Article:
With restaurants being forced to temporarily close their doors, employers are having to get creative in order to support their employees. Now that the pandemic is getting worse, restaurant employees need more than paid sick leave. When news of the virus first broke, many restaurants were offering emergency sick leave to any quarantined or sick employees. Many also attempted to keep their staff on board with takeout and delivery services. But starting the week of March 16, city and statewide lockdowns are on the rise. Here are a few ways restaurant employers intend to support their employees.
Restaurant Employers Support Their Employees
One Washington, D.C.-based pizza chain is offering free pizza to employees and their families. The chain has even collaborated with Lyft to offer discounted rides to and from work for their employees. These measures can only stay in place as long as the restaurant is able to stay open, but employees are appreciative for the time being. Nick Kokonas of the Alinea restaurant group, stated that every full-time employee received a $1,000 stipend following the temporary closing of their locations. He also maintains that employees’ healthcare and benefits will be covered as long as financially possible. Kokonas took it a step further and promised the company would meet the “basic food and shelter needs” of employees who find themselves unable to afford everyday needs and housing. While companies have had a short amount of time to prepare for a shutdown, even Kokonas realizes that “there aren’t many businesses that could sustain” going without revenue for many months.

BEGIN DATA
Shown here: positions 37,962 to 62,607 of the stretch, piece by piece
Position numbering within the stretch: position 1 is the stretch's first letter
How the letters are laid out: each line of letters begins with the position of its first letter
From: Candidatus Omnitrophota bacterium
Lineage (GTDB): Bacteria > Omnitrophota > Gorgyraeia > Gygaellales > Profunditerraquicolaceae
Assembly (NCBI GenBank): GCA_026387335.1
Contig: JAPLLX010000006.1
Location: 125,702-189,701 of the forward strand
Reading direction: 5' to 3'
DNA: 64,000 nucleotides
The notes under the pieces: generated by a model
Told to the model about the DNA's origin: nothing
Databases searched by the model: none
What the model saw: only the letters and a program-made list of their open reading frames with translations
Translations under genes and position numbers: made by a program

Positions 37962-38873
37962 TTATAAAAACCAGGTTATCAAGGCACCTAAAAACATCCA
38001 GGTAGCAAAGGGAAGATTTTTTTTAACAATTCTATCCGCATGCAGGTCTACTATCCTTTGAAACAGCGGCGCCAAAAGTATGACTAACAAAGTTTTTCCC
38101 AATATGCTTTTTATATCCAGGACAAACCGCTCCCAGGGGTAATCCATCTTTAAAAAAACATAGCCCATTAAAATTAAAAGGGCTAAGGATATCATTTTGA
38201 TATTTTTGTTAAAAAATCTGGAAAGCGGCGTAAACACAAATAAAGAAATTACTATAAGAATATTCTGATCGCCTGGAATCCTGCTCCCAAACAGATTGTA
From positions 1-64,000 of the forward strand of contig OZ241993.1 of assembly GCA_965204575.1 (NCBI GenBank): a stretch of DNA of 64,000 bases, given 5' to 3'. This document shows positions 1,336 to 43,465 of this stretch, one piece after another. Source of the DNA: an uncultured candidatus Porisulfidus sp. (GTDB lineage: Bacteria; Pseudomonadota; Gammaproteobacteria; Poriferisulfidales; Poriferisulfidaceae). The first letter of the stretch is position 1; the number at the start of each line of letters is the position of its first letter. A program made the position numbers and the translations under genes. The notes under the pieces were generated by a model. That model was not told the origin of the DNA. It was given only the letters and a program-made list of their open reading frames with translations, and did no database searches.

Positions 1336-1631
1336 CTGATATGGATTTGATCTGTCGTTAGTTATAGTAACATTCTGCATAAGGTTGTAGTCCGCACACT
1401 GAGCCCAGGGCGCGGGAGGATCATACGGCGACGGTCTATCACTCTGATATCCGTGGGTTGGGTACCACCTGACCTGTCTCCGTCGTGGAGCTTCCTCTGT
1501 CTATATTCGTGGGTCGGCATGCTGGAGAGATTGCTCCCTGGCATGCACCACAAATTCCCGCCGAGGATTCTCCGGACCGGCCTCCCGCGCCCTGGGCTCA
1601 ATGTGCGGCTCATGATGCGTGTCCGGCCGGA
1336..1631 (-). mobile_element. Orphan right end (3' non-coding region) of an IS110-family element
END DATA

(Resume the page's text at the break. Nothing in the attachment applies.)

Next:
CEOs Forego Pay
World-renowned chef Wolfgang Puck announced he will provide paychecks for employees in each of his 30+ restaurants. His team will do weekly calculations to ensure this is financially feasible. Puck has also promised free takeout meals for employees and their families to ensure everyone is properly fed while grocery stores are being seemingly looted. Further, he is offering “extra supplies and produce – if [employees] can’t go to the supermarket…” Other restaurant groups are also going the extra mile to provide relief for employees. Union Square Hospitality Group CEO Danny Meyer announced that he would be foregoing his own pay and instead of putting it towards a fund for employees. The group was forced to lay off a majority of its staff but is offering to help those who need it to file for unemployment. With the intention to bring back as much staff as possible when life returns to normal, many restaurants are offering to donate gift card purchases to employee funds. Seattle-based pizzeria owner Joe Fugere has also given up his salary, along with donations from part of his executive team, in order to support employees. Unfortunately, not all restaurants are able to pay their employees. But restaurant workers should be aware that their companies are able to assist them in filing for unemployment.
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